W Burnside Street, 1917

W Burnside Street between 1st and 2nd Avenues, October 4, 1917. The old Burnside Bridge is visible in the background.

 

W Burnside between 1st Ave. and 2nd Ave., Oct. 4, 1917: A2008-004.44

W Burnside between 1st Ave. and 2nd Ave., Oct. 4, 1917: A2008-004.44

 

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11 thoughts on “W Burnside Street, 1917

  1. Look at the piled full-dimensioned old growth lumber, and that 2-person hand saw blade laying in the foreground. Yowch!

  2. @Kenn: The original picture (from 1917) shows the original bridge. The current Street View image (from April 2014) shows the current bridge. What part of that wasn’t clear? Sheesh!

  3. Does anyone know if the new Burnside Bridge was built with the old one still in place? Was the old one removed first, or is the new one alongside the old one’s alignment? Or how did they handle that?

  4. As mentioned…the current Burnside Bridge opened back in 1926…streetcars crossed the bridge until 1950 and the electric trolley-busses that served the Sandy Blvd. route used the bridge from 1936 to 1958. I remember those trolley-busses…they seemed so big back then! (The first “electric railway” began running across The Steel Bridge in 1899.)

    Now, as far as the “trolley access tunnel” question…remember, that’s not to be confused with the “Shanghai Tunnels”! 🙂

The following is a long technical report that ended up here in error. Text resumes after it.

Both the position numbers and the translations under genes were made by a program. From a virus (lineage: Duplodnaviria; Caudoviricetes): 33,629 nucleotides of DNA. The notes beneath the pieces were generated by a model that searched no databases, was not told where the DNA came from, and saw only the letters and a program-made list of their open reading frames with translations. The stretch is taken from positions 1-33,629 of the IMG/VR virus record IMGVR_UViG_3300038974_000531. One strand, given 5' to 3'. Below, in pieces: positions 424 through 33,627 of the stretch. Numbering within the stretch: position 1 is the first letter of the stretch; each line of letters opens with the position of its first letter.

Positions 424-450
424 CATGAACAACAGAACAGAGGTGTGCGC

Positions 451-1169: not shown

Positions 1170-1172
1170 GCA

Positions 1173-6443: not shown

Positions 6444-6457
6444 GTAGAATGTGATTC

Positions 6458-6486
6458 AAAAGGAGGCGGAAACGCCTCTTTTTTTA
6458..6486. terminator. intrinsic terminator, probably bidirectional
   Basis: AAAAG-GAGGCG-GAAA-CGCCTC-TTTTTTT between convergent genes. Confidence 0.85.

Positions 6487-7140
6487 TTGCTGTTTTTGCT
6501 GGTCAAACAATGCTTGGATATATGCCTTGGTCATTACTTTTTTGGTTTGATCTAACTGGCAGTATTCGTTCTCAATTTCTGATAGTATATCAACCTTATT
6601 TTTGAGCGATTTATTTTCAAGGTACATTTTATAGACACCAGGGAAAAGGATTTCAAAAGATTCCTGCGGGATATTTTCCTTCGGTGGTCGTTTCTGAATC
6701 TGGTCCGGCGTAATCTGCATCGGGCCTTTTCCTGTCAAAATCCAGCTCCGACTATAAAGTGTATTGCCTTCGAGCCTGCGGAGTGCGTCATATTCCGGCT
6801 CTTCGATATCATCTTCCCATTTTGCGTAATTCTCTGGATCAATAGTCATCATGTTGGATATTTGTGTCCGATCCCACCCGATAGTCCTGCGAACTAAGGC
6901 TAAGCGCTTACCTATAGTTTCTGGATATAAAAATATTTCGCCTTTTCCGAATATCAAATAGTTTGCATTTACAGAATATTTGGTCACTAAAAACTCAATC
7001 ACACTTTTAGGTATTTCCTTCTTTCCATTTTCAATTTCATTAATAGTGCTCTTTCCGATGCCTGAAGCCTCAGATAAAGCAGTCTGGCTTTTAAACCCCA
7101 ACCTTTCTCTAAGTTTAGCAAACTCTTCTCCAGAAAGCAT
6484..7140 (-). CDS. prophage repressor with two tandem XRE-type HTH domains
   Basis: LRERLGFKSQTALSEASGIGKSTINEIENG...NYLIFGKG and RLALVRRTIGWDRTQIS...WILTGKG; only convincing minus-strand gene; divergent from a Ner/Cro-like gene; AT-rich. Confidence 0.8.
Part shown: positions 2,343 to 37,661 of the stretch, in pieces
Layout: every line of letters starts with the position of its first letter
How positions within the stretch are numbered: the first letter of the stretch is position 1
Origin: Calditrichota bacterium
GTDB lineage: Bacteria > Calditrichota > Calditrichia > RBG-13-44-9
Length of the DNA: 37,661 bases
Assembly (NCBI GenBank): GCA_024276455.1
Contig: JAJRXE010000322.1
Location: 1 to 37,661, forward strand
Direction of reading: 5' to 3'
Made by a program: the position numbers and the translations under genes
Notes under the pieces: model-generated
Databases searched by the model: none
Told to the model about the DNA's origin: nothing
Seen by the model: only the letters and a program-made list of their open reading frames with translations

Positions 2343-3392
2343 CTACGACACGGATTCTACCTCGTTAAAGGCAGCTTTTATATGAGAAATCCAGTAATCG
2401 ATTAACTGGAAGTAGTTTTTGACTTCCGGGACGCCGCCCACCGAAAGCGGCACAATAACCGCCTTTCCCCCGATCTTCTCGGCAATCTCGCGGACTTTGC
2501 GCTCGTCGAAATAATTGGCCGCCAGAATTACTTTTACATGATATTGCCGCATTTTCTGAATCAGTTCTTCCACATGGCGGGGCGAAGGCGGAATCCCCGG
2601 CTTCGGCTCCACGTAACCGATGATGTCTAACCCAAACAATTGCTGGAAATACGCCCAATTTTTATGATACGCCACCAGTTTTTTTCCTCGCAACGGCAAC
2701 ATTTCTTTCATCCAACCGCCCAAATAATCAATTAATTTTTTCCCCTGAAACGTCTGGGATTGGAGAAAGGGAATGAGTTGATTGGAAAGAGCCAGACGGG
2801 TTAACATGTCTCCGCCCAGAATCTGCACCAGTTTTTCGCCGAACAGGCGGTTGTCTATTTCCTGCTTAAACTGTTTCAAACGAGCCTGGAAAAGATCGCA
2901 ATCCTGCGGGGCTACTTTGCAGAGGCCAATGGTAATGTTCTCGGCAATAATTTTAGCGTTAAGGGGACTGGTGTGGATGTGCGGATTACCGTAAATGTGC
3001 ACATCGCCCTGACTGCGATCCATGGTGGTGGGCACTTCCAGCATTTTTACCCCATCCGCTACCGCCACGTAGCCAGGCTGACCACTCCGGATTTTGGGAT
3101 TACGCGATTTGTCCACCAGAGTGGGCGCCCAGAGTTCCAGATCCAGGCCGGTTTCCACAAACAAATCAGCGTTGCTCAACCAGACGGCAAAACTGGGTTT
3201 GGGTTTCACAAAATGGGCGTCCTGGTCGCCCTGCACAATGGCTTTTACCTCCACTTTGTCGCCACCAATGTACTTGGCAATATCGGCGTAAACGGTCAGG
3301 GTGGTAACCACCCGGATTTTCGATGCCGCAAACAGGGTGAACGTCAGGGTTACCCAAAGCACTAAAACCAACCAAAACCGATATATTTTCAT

Here are couple of fun sites…lots of info on the whole Portland “streetcar system”…with some fun photos too!

    http://www.oregonencyclopedia.org/articles/portland_streetcar_system

    trimet.org/about/history/transitinportland.htm

    Jim Kahn

  5. The “tunnel” entrance was on the SW corner of Burnside and 2nd I believe. You would enter there and come out in the middle (merdian) of Burnside. There was the same kind of tunnel at the East end of the Broadway bridge. The only one of its kind that I know of passes under the intersection of SW Naito and Arthur. It’s a great place to take “urban” pics, just take a few friends with you.🙂

  6. Carter,
    Since both bridges exit directly onto Burnside, it’s a relatively safe bet that the old bridge was demolished prior to the new one being built. The new bridge was a necessity as the old one had long become so rickety, it was only safe for pedestrians and horses. I know for certain that the streetcars and automobiles had been discontinued on the bridge and it’s likely that the remaining wagons still in use were also banned.

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